My good friend, Simon, and I were talking at the post-festival celebration way-too-early this morning, and he told me about this idea he had through conversations with others. He talked about how we know that we all have that voice inside our head that can either really motivate us or make us self-conscious and self-doubting. But we also actually say these things to ourselves out loud constantly. We audibly tell ourselves all the time that we can’t get things done today because we’re out of time, we’ll never complete our tasks, we’re totally failing, etc. etc. And we do this quite often, maybe without even giving it a second thought. I know that if I’m not hitting my goals for the day, or even for the moment, I’ll often mumble something to the effect of, “Pick it up, Rodriguez. What’s wrong with you?” We are far more open and accepting of putting ourselves down than with anybody else.
Simon extrapolated this idea of our audible self-criticism and came up with a “what-if” scenario where that voice was an actual being. Imagine that voice being a you that just hates on you. Then, imagine if all of those things that you say to yourself was actually said to somebody else. That would be intolerable in almost every case that it could happen. What if you had a person that just walked beside you all the time telling you what you can’t do and what you won’t get done by your deadlines? I’d imagine you’d want to punch that person in the face after a certain amount of time. So why do we put up with ourselves doing it to ourselves?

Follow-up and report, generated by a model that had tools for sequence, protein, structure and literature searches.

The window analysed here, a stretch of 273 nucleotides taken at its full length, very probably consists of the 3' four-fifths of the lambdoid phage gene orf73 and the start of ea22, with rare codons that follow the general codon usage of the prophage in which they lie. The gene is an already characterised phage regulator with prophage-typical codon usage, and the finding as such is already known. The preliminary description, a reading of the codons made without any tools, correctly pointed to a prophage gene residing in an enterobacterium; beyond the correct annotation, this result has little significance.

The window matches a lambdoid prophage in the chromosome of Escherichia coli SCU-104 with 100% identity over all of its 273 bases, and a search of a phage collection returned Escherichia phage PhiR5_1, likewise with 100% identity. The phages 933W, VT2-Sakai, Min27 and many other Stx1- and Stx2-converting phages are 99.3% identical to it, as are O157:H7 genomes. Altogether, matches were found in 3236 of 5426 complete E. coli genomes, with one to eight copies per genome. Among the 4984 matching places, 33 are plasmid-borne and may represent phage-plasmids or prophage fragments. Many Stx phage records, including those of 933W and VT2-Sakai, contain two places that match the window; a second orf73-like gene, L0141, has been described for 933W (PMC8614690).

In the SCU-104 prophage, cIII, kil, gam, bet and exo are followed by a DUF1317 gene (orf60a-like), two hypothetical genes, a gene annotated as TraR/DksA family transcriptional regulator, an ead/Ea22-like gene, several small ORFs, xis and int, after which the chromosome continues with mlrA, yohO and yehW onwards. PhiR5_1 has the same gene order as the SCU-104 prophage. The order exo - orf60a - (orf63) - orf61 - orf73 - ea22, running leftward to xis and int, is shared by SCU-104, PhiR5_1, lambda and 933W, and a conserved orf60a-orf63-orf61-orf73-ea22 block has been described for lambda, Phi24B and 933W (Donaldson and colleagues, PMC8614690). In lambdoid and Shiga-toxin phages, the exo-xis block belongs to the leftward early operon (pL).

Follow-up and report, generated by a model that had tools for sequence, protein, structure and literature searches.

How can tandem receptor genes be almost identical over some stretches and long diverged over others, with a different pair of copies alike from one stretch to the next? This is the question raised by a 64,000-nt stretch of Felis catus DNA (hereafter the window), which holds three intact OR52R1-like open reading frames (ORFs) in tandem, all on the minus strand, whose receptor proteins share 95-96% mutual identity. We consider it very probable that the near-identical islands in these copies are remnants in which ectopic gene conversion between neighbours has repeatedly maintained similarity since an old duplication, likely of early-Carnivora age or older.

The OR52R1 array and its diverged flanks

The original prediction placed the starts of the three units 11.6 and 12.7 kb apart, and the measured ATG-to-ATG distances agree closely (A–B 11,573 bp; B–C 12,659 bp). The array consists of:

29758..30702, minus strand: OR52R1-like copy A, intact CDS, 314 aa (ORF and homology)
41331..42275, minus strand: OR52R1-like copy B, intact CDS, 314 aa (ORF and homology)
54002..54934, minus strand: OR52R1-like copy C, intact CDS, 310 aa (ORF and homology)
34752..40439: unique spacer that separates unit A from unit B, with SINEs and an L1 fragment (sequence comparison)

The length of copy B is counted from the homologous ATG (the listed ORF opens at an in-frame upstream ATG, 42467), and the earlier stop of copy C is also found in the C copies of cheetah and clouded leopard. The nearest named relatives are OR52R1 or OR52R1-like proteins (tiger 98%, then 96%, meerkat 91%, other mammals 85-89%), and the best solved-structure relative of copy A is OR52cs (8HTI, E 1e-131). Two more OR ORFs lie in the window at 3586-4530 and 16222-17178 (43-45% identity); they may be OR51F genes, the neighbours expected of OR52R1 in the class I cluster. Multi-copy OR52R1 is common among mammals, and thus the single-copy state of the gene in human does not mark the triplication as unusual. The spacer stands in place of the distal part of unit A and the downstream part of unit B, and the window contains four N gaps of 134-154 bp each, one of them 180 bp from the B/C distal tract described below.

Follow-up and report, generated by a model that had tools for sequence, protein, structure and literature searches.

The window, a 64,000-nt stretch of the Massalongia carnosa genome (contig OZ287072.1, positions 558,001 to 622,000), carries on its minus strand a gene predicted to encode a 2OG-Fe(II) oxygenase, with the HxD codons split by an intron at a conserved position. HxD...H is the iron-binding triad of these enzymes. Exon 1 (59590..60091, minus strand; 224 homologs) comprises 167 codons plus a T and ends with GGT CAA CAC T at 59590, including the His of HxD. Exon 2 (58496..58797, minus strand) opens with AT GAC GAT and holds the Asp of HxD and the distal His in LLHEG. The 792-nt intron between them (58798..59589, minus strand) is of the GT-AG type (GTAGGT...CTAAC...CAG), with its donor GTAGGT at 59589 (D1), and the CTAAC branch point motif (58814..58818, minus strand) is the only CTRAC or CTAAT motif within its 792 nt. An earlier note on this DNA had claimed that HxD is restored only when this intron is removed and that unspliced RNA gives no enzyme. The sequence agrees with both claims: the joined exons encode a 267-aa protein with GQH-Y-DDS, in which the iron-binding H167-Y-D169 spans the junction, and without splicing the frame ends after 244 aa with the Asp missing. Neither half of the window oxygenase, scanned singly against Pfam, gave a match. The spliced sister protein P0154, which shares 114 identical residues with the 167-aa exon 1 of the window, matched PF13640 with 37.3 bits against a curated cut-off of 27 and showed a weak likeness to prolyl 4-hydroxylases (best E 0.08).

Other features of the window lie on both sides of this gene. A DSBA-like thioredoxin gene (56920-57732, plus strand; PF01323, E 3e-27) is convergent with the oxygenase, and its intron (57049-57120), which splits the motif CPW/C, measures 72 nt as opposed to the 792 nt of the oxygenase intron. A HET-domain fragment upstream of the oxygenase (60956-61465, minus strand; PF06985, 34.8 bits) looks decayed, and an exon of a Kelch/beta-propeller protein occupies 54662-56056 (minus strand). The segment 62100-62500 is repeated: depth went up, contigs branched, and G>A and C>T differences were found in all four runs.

When we help out our friends, family, or even strangers, we do it out of kindness. We’re friends for a reason, and we’re respectful for a reason. Simon poses the question, “why can’t we just be friends with ourselves?”. And he’s right. When we see someone we love struggling with a task, we immediately do our best to encourage and uplift them to reach their goal. We push them to better things, bigger results, and into an more positive mindset, overall. We know what it feels like to be on the receiving end of that kind of motivation, and that’s what sparks us into reciprocating or even paying it forward. There’s no reason that we shouldn’t be doing that to ourselves. And that’s not to say that we don’t do it from time to time — we’ve all given ourselves that “talk” before a big presentation or speech or sporting event, telling ourselves that we can do it — but if we did it more often than putting ourselves down, the positive energy and outcomes would be tremendous.
We always hear that we should love ourselves more, but we tend to forget that part of loving ourselves more is hating ourselves less. Don’t dwell on mistakes; they’ve already been made. Learn what’s necessary to grow and evolve, and tell yourself that you’ll make it happen next time. And if that fails, congratulate yourself on not giving up. Question why things didn’t work only as a strategic self-conversation as opposed to thinking that there’s something wrong with you.
Be your own best friend. Your other best friends will thank you, especially when you teach them how to be best friends to themselves, too.
Thanks, Simon of Thunderheart Guidance for the idea for this post. I don’t mean to steal your…thunder…but I needed to write this down, if only to remind myself about this in the future.